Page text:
We are iHASCO – a market leading provider of online Health & Safety, HR, and Compliance eLearning. We make training simple.

Providing over 10,000 organisations across the UK and globally with our training, we have also delivered over 5,500,000 sessions to date!

With approvals from the likes of IOSH, RoSPA, Skills for Care, IIRSM, and accreditation from CPD, we are confident that we offer each and every one of our users the highest quality training available.

What have been the biggest challenges the Health & Safety industry has faced over the past 12 months?

Undoubtedly the COVID-19 pandemic has been the biggest challenge. In fact, it’s arguably the biggest challenge over the last century.

It’s up to OSH professionals and employers to ensure that their staff are kept informed on up-to-date guidance and that they understand how to lower the risk of infection whilst at work.

And what have been the biggest opportunities?

To break the negative stigma surrounding Health & Safety, which the public often perceive as “a waste of time”. The current climate has given all OSH professionals a chance to prove the importance of the industry.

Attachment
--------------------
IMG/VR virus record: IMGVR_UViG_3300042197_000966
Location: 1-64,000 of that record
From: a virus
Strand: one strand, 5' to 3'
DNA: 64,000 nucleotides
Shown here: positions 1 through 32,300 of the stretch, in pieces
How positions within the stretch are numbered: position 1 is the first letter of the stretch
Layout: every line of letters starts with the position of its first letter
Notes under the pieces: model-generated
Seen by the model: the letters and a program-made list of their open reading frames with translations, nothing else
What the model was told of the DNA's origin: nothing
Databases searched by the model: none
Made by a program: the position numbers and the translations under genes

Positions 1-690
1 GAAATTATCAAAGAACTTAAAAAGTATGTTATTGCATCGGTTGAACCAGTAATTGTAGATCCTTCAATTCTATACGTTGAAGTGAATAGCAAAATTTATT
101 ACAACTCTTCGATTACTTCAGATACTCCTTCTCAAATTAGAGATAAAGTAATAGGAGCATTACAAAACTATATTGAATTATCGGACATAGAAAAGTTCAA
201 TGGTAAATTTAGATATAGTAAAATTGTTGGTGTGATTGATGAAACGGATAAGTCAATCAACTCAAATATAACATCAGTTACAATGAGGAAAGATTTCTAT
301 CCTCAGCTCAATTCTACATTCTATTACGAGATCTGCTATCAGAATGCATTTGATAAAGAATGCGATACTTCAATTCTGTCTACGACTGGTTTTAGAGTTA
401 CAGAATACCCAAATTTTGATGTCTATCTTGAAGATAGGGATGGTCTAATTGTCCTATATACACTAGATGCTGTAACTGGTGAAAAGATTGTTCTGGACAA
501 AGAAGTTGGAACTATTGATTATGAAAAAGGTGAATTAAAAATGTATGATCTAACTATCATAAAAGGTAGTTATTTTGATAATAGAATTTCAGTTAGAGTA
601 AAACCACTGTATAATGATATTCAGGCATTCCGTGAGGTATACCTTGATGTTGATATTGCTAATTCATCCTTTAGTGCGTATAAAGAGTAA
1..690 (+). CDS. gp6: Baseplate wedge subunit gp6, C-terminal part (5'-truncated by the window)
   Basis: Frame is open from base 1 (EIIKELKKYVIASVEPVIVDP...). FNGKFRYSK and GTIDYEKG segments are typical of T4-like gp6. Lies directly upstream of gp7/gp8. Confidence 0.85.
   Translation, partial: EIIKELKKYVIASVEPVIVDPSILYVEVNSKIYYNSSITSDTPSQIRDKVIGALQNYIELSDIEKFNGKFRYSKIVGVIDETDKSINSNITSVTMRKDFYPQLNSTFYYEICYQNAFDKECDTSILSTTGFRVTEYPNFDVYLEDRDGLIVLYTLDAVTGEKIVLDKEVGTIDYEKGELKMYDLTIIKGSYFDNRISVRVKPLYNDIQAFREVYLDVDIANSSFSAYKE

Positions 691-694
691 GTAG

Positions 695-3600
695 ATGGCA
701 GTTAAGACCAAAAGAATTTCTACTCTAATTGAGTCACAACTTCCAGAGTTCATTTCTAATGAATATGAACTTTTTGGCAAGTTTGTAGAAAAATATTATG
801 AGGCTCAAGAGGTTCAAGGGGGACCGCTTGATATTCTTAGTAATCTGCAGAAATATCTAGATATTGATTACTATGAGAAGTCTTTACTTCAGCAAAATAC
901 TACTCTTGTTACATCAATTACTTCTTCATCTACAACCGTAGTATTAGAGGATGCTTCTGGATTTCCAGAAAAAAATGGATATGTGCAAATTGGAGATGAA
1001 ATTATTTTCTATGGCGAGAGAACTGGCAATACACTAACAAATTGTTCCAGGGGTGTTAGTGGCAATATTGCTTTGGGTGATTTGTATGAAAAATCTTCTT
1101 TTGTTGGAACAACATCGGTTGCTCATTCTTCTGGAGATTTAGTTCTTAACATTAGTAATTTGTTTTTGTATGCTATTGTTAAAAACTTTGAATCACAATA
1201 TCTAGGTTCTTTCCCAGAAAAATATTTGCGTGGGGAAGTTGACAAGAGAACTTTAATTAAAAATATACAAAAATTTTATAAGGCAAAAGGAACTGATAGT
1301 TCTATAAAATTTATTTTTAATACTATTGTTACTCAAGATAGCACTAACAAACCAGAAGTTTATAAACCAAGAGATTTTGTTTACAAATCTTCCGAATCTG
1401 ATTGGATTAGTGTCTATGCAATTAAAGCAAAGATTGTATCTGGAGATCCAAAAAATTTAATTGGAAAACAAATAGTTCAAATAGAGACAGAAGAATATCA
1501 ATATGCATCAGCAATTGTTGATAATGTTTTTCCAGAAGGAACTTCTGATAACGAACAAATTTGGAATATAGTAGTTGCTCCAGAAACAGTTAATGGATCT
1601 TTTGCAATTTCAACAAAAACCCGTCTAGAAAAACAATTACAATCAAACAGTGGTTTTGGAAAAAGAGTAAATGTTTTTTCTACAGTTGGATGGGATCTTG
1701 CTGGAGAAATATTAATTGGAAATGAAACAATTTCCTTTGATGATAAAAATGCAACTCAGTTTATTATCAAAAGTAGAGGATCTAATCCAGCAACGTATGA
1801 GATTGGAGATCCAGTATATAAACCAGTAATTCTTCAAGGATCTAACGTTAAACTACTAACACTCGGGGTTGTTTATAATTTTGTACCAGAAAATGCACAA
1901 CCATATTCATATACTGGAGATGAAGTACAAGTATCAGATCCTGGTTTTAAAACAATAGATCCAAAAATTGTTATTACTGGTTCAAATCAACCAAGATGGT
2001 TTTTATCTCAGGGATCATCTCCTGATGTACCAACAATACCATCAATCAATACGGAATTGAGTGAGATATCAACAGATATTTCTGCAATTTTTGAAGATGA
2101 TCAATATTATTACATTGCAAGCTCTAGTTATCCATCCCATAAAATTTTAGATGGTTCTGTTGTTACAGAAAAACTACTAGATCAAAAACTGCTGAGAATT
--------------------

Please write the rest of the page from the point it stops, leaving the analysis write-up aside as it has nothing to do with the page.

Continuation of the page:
What is the biggest priority for the Health & Safety industry in 2020?

There have been many, but we think it comes down to three key points: getting people to adhere to COVID-19 guidance, looking after employee’s mental health, and sourcing PPE.

What are the main trends you are expecting to see in the market in 2021?

An increased focus on mental wellbeing in the workplace. Studies suggest that for every £1 a workplace invests in it’s employees mental wellbeing, they see an average of a £4.20 return. Not only is it morally right to invest in employee wellbeing, but it often makes sense from a business perspective!

In 2025 we’ll all be talking about…?

Our eLearning. That’s our goal, at least!

Which person in, or associated with, the Health & Safety industry would you most like to meet?

Geoff McDonald – A global advocate for Mental Wellbeing in the workplace.

What’s the most surprising thing you’ve learnt about the Health & Safety sector?

Whilst it can look extremely complicated on the surface, it really isn’t, especially when you get your staff to appreciate its importance and they have an understanding of their duties under current legislation.

You go to the bar at the Occupational Safety & Health Forum – what’s your tipple of choice?

Something that matches our brand values, so it would have to be best cost-effective, user-friendly, and simple! It sounds a bit like an ice-cold beer!

What’s the most exciting thing about your job?

Having a positive impact on the safety and wellbeing of employees all over the world.